SonicSpike writes: In a decisive rout for pragmatism over purity, the Libertarian Party has nominated former New Mexico Republican Governor and 2012 nominee Gary Johnson for president. Johnson came within an eyelash of winning on the first ballot, pulling 49.5 percent of the vote, just short of the required majority. (Libertarian activist Austin Petersen and software magnate John McAfee came in second and third, respectively, with 21.3 percent and 14.1 percent.) With sixth-place finisher Kevin McCormick (and his 0.973 percent of the vote) booted from the second ballot, Johnson sailed through with 55.8 percent.
SonicSpike writes: Today the Food and Drug Administration (FDA) announced what amounts to a slow-motion ban on e-cigarettes, ignoring the pleas of harm reduction advocates who say it makes no sense to prevent smokers from switching to nicotine products that are indisputably much less hazardous than the ones they are using now. The FDA rule, a preliminary version of which was published two years ago, effectively requires e-cigarette manufacturers to get their products approved as "new tobacco products," an expensive, arduous, and time-consuming process that will be prohibitive for most, if not all, of them. Link to Original Source
SonicSpike writes: In an open marketplace, a business that doesn't evolve to offer better goods and services at ever-more-affordable prices simply won't survive. That reality is particularly well-understood in places like Silicon Valley, which has been shaped by a folk understanding of Moore's Law, named for Intel co-founder Gordon Moore, who first observed in the 1970s that the number of transistors that fit on a computer chip doubles every two years, yielding cheaper and more powerful computers at a rapid rate. The result is a world in constant motion where risktaking is rewarded almost above all else.
"In today's fast-paced information age, everyone is expected to be constantly innovating and reinventing their business at the speed of 'Moore's Law,'" my Mercatus colleague Adam Thierer says. "Firms have to tear up their business plans every couple of years."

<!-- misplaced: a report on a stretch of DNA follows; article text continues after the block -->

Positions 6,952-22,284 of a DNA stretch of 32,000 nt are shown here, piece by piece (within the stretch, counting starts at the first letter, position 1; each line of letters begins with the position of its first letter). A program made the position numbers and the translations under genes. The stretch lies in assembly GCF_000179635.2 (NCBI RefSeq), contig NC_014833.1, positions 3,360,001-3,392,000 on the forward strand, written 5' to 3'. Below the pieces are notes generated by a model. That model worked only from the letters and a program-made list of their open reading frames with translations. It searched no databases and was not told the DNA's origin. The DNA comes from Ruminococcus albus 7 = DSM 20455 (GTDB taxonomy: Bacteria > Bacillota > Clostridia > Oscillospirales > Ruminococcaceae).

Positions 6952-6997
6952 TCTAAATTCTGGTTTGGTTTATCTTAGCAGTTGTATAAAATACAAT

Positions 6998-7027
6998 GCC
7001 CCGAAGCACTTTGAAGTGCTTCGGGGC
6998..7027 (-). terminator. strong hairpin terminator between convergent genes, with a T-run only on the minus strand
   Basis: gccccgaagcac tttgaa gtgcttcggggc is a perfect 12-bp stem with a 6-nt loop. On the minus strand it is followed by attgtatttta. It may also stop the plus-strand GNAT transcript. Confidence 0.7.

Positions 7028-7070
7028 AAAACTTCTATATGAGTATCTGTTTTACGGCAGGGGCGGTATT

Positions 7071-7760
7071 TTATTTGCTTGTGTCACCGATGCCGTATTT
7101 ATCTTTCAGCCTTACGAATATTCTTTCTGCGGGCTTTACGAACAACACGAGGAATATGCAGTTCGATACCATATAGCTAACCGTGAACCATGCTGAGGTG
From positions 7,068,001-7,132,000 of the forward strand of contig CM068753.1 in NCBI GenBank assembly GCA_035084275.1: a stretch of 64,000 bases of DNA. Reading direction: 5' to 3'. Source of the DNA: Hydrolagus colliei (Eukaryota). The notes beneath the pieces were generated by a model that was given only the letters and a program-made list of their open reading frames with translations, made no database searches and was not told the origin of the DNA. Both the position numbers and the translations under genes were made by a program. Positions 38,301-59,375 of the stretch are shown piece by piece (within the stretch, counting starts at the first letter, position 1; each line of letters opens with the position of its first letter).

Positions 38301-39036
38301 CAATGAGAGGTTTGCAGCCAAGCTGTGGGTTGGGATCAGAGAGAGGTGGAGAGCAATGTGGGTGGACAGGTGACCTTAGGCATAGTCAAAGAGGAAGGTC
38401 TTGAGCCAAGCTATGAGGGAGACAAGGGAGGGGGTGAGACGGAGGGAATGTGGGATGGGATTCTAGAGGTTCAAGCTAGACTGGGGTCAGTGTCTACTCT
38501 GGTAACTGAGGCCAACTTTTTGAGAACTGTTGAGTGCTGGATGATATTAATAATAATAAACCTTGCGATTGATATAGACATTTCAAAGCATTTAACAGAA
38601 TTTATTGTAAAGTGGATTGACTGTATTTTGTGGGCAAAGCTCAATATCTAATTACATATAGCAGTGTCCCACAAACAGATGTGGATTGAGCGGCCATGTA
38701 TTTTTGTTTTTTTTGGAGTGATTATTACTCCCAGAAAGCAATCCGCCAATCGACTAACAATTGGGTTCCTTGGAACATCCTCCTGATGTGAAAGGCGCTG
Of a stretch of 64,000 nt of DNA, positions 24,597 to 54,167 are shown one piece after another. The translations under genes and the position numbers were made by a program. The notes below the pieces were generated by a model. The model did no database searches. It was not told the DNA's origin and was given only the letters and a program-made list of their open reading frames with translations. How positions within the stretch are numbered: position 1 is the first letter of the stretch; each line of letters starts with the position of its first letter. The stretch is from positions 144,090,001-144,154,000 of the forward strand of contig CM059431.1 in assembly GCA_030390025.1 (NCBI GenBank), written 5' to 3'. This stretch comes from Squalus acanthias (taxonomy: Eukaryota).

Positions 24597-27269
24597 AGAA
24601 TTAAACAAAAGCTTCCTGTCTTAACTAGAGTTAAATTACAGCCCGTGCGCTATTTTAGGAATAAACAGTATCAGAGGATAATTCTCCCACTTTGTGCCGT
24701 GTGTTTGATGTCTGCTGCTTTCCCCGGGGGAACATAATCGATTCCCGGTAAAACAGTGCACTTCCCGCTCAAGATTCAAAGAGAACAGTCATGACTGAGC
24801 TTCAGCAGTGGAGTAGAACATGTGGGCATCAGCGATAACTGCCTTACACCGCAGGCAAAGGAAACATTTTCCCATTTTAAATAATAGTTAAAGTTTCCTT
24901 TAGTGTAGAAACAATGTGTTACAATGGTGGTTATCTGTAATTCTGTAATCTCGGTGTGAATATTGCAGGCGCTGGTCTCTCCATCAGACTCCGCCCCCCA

But while virtually all industries are engaged in a constant race to meet consumer needs, there's one sector where no such impetus need be present. "Governments never tear up any old law; they stay on the books seemingly forever," Thierer says. As a result, taxpayers at the federal, state, and local levels end up getting the same or worse services at higher and higher prices—exactly the opposite of what happens in the private sector.
SonicSpike writes: For 19 seasons, South Park has provided cutting cultural commentary centered around the foul-mouthed adventures of elementary school students Stan, Kyle, Kenny, and Cartman. But the raunchy cartoon has also helped establish an important legal entertainment precedent that expands free speech rights.
"When anybody creates anything, basically, that thing automatically gets copyrighted and for the most part it can't be used in certain ways without permission," explains Higgins. "But there are some really important exceptions to that rule, and there are some really important places where we say, 'Actually, members of the public, no matter who they are, can use this thing for all sorts of reasons without getting permission.'"
In 2010, EFF became unlikely allies with the media giant Viacom—the owner of Comedy Central—which had been sued by Brownmark Films after a 2008 South Park episode called "Canada on Strike" parodied a popular viral video by the musician Samwell.
The South Park version of the video, starring a recurring character named Butters, mimics the original video nearly shot-for-shot. The stunningly unsubtle lyrics are slightly abbreviated but otherwise unchanged. The kids post their rendition to "YouToob" and watch as it grabs millions of hits. Brownmark was not amused.
EFF and Viacom argued that the South Park episode was a clear case of fair use, as it was a parody commenting on the viral video trend. The criteria under which a fair use determination is made include whether or not the work transforms the original work, the nature of the original work, how much of the original work is used, and whether it affects the market for the original work. One reason the suit was so important was that the video walked several lines: It was a close copy, it was not transformative in the sense that term had been traditionally understood, it used a significant proportion of the original, and it was for commercial rather than educational use.